Why did you go to graduate school?

To be honest, my reasons were not very good:

1.  I wanted a job where I didn’t have to get up in the morning.  (Hint:  if this is your motivation, NEVER HAVE CHILDREN.  Jean Kerr must have been a much sounder sleeper than I am).

2.  I had no idea what I wanted to do with my life.

3.  I didn’t want to have to wear the same clothing as everyone else.  Consulting informational meetings were terrifying with all the women in the same but sliiiiightly different little blue suits.  Presumably they’ve moved to the same but slightly different pants suits these days.

4.  School wasn’t so bad and I was really good at my topic of discipline.  (Hint: undergrad classes are NOTHING like grad classes.  But… grad classwork is nothing like research anyway, so maybe it’s ok.)

5.  I wanted to figure out how the world works.  My subject area is as good a way to do it as anything.  This one is probably the best reason.

6.  I thought if I’d gotten a real job first I would never go back to school.  In retrospect, this is a silly reason.  So what.  Related was, given I’m going to graduate school I should do it now so I can have babies after tenure since infertility runs in my family (on the side branches).  In the end, things had evolved so that scholars are “allowed” one pre-tenure baby without people thinking they’re not serious about work.  Yay.  I had mine a bit early.

#2 had a different experience.  Almost none of the reasons above were mine.  (Well some of them, sort of.)  I went to grad school because there was nothing else in the world that I wanted to do even half as much.  I have known I was going into academia since before high school, though I changed my mind about the subject area a few times.  I wanted a career where I would be paid to think and read and be around smart people.  I like research.  I love the flexible schedule; I can’t for the life of me deal with a 9 – 5 schedule.  It’s a shortcoming, I know.  I like that I can work many of my own hours.  This often means I am working in my pajamas at 2am from my home, and I work on weekends.  Still, it means that sometimes I can sleep in.  I have tried other jobs during summers and times when I was out of work.  Working in the corporate world made me want to die a lot.  For the first time in my life, I was expected to concentrate while sitting in a cubicle with no door.  I can’t think that way.

My job now as a faculty member is to research the things that I want to find out about, that I am interested in.  There is a lot of freedom (and a lot of rules).  I am goal-oriented and I want tenure.  Academia is the best, perhaps only, fit for me.

#1 again:  The being around smart people is definitely important.  Though I figure whatever career I chose that would be the case.  Except (please don’t kill me, BFS) K-12 teacher.  I had some amazing teachers growing up, but I also had some who were not the brightest bulbs in the candelabra.  It is true that all it takes to get a PhD is perseverance, but the selection issue helps keep the smart/dumb ratio liveably high.  Corporate summer jobs also completely exhausted me… I would come home completely unable to do anything.   During and before high school I knew I did NOT want to be an academic… my mom is one and I couldn’t stand the petty infighting and the crazies.  Fortunately that isn’t quite as much of a problem in my field as my field doesn’t really attract creative types.  I’m not so goal oriented as #2 (though I do have a career bucket wish list) and though tenure is a nice perk it isn’t my reason for being.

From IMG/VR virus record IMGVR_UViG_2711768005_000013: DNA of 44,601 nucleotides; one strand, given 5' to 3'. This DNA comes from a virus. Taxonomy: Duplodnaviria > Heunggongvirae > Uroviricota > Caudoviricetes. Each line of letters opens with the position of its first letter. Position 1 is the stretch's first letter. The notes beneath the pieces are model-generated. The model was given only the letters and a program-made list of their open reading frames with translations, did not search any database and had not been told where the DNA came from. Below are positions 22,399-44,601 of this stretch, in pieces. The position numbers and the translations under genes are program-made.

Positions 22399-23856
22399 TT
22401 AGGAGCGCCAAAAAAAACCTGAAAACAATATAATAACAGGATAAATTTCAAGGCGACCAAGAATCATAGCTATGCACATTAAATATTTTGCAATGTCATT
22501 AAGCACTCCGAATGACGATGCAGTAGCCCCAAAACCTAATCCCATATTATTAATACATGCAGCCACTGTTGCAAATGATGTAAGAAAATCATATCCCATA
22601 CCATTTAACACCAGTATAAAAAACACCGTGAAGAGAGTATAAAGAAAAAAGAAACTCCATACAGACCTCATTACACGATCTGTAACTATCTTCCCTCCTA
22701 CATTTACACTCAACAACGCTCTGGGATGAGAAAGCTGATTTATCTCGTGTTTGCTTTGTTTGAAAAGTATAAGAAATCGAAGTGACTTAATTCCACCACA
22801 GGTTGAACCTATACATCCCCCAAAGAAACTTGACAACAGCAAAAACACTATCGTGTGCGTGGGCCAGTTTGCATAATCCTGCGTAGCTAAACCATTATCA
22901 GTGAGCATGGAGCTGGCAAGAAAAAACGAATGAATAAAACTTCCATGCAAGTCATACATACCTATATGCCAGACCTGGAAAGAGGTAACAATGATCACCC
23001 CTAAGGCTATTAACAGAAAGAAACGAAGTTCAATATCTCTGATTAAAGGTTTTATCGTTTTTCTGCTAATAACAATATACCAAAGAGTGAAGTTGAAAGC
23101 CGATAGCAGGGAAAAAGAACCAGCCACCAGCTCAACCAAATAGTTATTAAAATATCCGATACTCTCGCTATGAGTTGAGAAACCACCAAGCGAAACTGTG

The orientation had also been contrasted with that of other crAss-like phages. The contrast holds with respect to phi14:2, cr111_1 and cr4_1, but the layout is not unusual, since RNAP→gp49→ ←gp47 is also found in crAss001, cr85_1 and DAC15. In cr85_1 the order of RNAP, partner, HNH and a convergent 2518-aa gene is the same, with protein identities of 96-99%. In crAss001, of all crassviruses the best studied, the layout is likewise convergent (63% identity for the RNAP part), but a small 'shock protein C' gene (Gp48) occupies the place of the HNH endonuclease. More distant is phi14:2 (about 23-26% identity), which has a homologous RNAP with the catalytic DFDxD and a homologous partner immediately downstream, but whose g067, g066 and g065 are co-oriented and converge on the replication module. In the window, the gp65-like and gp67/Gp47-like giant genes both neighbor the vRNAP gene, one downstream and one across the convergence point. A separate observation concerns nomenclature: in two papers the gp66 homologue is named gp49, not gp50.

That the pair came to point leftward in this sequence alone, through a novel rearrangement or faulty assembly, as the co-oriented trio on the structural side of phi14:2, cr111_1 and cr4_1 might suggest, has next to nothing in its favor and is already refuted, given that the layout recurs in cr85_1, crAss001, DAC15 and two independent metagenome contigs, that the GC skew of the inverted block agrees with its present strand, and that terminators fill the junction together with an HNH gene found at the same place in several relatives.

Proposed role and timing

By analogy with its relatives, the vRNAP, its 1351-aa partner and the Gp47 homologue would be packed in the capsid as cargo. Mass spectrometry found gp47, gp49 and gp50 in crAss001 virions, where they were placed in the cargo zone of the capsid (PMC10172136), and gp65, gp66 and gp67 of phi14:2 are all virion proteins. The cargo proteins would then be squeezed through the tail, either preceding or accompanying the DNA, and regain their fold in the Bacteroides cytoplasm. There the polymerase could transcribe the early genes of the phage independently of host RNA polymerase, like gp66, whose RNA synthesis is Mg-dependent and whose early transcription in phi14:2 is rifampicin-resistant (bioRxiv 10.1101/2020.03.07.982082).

How did you choose your career?  Did you plan it that way?  Did it work out?  Any regrets or plans for the future?

14 Responses to “Why did you go to graduate school?”

  1. Nick at SAFTM Says:

    2 and 4 were unfortunately the main drivers for me. I wasn’t sure what to do and was in a comfort zone. I was going to take a year off and work, but a professor suggested I apply. I was already past the deadlines, so I sent in 3 applications thinking I would NEVER get in past the deadline. I guess someone didn’t notice the date in the admissions office because I got in! So I figured “why not.” It was in a subject I was interested and my protected debt would be less than my projected first year salary (including undergrad).

    So I went. I’m happy I did, but how I got there is kind of scary in retrospect. The only “analysis” I did was the loan/salary ratio after I got in.

  2. Budgeting in the Fun Stuff Says:

    #1 describes me really well except I chose not to go since I had the same reasons of not knowing what I wanted to do. I went the path you could have gone, but you ended up better, so yay for grad school. :-) BTW, you will never get an argument from me or Mr. BFS that some teachers aren’t just dumb…he’s had to be on the same lesson-planning teams with some teachers that made me want to smack them for him…

    #2 sounds like she knew what she wanted and pounced. I am extremely jealous since I have no clue what I’d want to do work-wise although I have fallen in love with blogging…maybe I’ll make enough off of that to quit my day job in 4-5 years…

  3. nicoleandmaggie Says:

    #1 here: BFS– What were you thinking of going into? I’m betting you’re on track to replace that income from blogging down the line… maybe not the fantastic benefits though.

    As a side note (and don’t tell #2 I told you this), I don’t think #2 so much as knew what she wanted and pounced as she’s generally a malcontent and academia was the least bad of all possible working hells. Unless they come up with a job where you’re paid to read novels, don’t have to write about them, and you get to pick which novels.

    Nick– That’s exactly how I feel. I’m happy I did it but it’s a bit scary in retrospect, especially with how everybody always tells you not to do it for reasons #2 and 4. You have to be driven, they say. That’s probably true in the humanities… since you’re giving up a lot more to get a humanities PhD. Heck, I’ve given that advice… graduate school is really not fun. But I’m not sure how good advice it is, since it kind of turned out ok for me. Though maybe I’d be happier if we’d moved to the bay area right after undergrade and had saved up to put 400K down on a house like our friends did instead of going to graduate school. Who knows.